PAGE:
Sunday, August 9, 2020
Summer’s heat has seeped into Central Texas, saturating every plant, tree and blade of grass with sweltering temperatures. Some wildflowers still bloom in fields and along roadsides, but many have gone to seed, scattering their progeny for next year. Splendid dayflower still blooms in our yard, but the flowers are much diminished at this point.
Last Sunday we escaped to McKinney Roughs Nature Center for a getaway from life in the time of coronavirus. Even in hot, dry weather the meadows there are remarkably green. Sandy trails wind down to the Colorado River through tall pines and pecan and oak trees. The river was high, probably due to heavy rain showers the week before. There were only a few short paths to access the water, and those were lined with thick bunches of poison ivy so we followed the trail all the way to the Hyatt Resort.
The Hyatt’s sloping emerald lawn and golf course made the Nature Center’s meadows look yellow and brown in comparison. Trees and brush along the river grow thick and tall, their roots growing deep next to the water. We sat on a boat dock with our legs and feet in the river. There was barely a current, the muddy brown water almost still, yet cool and refreshing. Across the river a great blue heron stood on a sandy shore surveying his possibilities, while a snowy egret waded into the water. Their reflections flashed in the sunlight. Our legs dried off quickly in the hot windless air, heat reflecting off the dock. Nearby an orchard oriole flew from tree to bush, searching for berries while a cardinal flitted around him.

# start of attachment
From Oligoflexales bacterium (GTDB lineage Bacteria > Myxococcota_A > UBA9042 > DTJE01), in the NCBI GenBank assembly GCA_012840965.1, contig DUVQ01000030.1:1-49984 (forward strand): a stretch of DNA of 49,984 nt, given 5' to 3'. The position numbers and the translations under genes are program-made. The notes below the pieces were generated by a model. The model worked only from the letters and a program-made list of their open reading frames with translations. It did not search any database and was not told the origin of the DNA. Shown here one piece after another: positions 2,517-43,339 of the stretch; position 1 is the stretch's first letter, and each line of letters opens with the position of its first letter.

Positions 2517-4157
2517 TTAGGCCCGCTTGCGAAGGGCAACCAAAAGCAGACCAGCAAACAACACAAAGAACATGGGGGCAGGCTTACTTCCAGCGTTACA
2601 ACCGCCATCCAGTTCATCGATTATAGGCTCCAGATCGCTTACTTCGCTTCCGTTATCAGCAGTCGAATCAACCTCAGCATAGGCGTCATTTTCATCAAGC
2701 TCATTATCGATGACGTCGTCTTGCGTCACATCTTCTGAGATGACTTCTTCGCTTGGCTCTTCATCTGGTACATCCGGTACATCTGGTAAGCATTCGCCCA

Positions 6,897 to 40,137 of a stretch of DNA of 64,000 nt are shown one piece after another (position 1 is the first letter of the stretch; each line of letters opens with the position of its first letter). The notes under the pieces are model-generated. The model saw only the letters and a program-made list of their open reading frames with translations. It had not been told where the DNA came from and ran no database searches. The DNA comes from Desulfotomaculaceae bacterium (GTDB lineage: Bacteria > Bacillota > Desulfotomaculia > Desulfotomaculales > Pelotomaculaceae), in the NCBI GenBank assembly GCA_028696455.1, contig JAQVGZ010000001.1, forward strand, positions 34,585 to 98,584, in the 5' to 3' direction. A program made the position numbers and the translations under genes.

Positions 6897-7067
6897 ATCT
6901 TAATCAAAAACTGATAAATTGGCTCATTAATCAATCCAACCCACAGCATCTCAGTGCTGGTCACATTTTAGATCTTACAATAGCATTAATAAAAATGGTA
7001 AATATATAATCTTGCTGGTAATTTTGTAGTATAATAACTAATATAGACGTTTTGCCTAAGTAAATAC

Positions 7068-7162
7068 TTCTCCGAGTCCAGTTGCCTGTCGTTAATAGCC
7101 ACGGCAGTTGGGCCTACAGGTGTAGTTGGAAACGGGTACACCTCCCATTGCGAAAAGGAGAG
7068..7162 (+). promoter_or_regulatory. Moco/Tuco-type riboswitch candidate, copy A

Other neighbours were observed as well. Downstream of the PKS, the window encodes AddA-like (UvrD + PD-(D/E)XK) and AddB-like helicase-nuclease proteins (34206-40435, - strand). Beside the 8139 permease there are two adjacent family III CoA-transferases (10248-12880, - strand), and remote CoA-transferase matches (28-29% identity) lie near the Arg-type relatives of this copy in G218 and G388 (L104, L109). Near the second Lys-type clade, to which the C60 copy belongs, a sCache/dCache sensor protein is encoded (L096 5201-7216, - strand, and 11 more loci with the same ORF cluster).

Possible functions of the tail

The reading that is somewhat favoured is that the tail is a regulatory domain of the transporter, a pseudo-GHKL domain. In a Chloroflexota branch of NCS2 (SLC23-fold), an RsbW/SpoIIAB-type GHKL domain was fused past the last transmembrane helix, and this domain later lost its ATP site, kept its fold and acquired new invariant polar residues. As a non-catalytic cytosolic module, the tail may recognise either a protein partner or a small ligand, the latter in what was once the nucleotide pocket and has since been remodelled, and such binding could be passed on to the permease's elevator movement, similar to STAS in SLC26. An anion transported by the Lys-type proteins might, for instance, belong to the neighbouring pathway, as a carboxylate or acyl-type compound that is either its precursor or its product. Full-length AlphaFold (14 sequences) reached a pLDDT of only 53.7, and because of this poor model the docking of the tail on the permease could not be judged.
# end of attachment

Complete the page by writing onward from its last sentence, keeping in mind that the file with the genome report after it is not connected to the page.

The trail back climbed up in direct sunlight, a long slog in any amount of time. At the center we rested in front of a garden of orange zinnias, sunflowers and Turk’s cap, a paradise for hummingbirds and butterflies. It was surprising that only a few other visitors were hiking given there are few places to go. For us, it was a much-needed day trip.
The doe and her little fawn are still visiting the yard regularly, but after dark now. Sometimes the fawn is bedded in the yard among the bucks, while his mother is off somewhere. It’s as if he has a large group of baby sitters. He lies in the grass, head up and alert, big oval ears erect, watching as we walk past. For the most part, does and bucks are traveling separately, but there are groups of does with one or two yearling bucks, possibly their families. In fall that may change.